On August 23, 2019, President Trump signed into law the Small Business Reorganization Act (“Act”), which is intended to make bankruptcy reorganizations a faster, more efficient, and more affordable debt-management option for small businesses. The new law, which becomes effective on February 19, 2020, will apply to small businesses (including individuals) with up to $2,725,625.00 of non-contingent liquidated and unliquidated debt, of which at least 50% comes from commercial or business activities. Highlights of the new law include:
Appointment of a standing Trustee, having functions similarly to a Chapter 13 Trustee;
Only the Debtor can propose a reorganization plan, which must be filed within 90 days of the petition date;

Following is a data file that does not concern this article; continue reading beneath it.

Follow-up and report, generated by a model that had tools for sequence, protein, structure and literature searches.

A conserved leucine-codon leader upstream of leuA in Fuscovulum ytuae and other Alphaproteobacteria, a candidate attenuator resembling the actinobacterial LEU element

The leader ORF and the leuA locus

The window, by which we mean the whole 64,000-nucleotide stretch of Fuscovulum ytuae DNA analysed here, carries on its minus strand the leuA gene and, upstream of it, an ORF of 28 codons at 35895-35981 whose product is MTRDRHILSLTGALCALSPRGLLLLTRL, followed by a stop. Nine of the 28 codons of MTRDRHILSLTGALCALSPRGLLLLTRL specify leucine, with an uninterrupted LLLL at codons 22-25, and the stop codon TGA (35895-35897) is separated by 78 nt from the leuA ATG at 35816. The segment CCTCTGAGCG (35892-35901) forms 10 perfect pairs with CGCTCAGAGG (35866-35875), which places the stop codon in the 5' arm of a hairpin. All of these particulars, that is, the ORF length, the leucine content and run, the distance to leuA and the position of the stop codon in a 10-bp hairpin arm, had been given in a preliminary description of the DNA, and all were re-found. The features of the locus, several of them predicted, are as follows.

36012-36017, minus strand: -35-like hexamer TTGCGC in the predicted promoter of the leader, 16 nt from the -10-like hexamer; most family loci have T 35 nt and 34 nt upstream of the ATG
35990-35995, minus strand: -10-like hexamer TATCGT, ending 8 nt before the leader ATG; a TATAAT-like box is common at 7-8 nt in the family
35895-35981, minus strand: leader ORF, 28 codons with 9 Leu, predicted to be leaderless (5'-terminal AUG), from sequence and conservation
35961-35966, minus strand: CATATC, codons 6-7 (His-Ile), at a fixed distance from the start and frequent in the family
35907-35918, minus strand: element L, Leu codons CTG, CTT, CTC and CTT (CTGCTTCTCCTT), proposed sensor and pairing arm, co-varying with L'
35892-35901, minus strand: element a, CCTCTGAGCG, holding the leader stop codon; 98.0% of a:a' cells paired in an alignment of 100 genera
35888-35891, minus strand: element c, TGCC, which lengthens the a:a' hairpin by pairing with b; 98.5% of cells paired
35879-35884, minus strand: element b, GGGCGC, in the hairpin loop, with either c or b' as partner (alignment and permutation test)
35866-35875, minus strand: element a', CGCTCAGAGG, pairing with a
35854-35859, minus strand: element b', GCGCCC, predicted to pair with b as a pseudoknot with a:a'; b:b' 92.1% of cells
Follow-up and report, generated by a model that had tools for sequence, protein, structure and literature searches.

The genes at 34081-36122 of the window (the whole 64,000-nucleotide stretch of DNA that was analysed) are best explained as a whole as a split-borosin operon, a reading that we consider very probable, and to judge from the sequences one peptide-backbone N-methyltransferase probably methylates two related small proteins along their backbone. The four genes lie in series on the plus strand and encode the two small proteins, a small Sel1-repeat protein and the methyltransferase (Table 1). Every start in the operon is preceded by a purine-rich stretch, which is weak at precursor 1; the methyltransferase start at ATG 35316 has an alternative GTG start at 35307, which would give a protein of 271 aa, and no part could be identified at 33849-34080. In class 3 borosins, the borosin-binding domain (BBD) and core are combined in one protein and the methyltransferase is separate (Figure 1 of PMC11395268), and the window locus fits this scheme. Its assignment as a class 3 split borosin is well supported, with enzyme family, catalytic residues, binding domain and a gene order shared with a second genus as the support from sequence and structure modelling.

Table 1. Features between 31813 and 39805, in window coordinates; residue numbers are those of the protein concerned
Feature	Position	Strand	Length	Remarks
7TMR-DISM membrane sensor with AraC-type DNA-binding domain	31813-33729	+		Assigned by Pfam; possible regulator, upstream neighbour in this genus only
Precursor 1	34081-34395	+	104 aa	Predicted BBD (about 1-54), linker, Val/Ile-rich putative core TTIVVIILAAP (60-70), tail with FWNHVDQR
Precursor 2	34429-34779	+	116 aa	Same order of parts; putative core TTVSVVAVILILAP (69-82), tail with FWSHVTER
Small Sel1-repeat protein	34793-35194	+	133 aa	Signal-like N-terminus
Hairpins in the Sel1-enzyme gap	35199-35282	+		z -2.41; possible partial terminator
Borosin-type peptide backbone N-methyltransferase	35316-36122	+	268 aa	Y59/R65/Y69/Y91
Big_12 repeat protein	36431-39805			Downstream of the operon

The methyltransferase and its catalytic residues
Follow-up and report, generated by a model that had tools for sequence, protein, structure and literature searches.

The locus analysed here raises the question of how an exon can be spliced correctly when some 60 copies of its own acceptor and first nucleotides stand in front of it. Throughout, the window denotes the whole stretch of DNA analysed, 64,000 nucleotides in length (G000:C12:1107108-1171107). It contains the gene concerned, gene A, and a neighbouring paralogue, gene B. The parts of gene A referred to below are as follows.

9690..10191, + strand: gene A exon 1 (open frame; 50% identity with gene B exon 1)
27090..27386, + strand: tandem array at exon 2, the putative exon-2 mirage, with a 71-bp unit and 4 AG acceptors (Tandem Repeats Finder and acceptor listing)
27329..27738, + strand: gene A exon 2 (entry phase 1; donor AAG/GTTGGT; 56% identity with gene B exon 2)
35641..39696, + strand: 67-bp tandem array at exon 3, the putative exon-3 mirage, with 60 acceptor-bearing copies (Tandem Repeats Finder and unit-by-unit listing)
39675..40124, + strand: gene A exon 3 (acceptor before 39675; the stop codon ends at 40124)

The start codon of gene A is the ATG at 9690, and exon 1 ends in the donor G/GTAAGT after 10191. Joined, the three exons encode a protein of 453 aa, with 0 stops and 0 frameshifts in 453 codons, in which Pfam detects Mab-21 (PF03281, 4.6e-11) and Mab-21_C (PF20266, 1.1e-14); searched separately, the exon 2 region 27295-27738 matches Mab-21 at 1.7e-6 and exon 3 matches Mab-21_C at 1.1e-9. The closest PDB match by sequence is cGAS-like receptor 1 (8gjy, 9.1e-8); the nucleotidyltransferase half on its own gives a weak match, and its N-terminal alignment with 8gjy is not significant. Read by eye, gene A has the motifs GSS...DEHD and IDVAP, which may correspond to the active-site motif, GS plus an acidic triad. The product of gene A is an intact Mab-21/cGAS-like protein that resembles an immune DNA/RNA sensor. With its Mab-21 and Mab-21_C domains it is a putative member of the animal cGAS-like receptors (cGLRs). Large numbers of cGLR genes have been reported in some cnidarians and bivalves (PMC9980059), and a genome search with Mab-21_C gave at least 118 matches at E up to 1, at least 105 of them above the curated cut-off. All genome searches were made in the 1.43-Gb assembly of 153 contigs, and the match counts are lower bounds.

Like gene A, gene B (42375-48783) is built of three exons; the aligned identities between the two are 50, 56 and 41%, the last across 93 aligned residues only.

A separate disclosure statement is not required;
The Debtor is not required to solicit votes to confirm its plan;
The plan may allow for modification of a Debtor’s non-purchase money mortgage of residential property;
The absolute priority rule will not apply;
Administrative expenses do not need to be paid at confirmation, and instead can be paid over the life of the plan;
Plan terms of 3-5 years.
The Act also changes the preference laws for all bankruptcies. Before a preference claim is filed, the Debtor-in-Possession / Trustee must conduct reasonable due diligence into the known affirmative defenses which may be available to the defendant. Furthermore, in order to file a preference complaint outside the preference defendant’s home district, the amount of the claim must be $25,000.00 or more (up from the current $13,600.00).
For questions regarding a business bankruptcy contact the author Michael P. O'Hara at (260) 423-8838.
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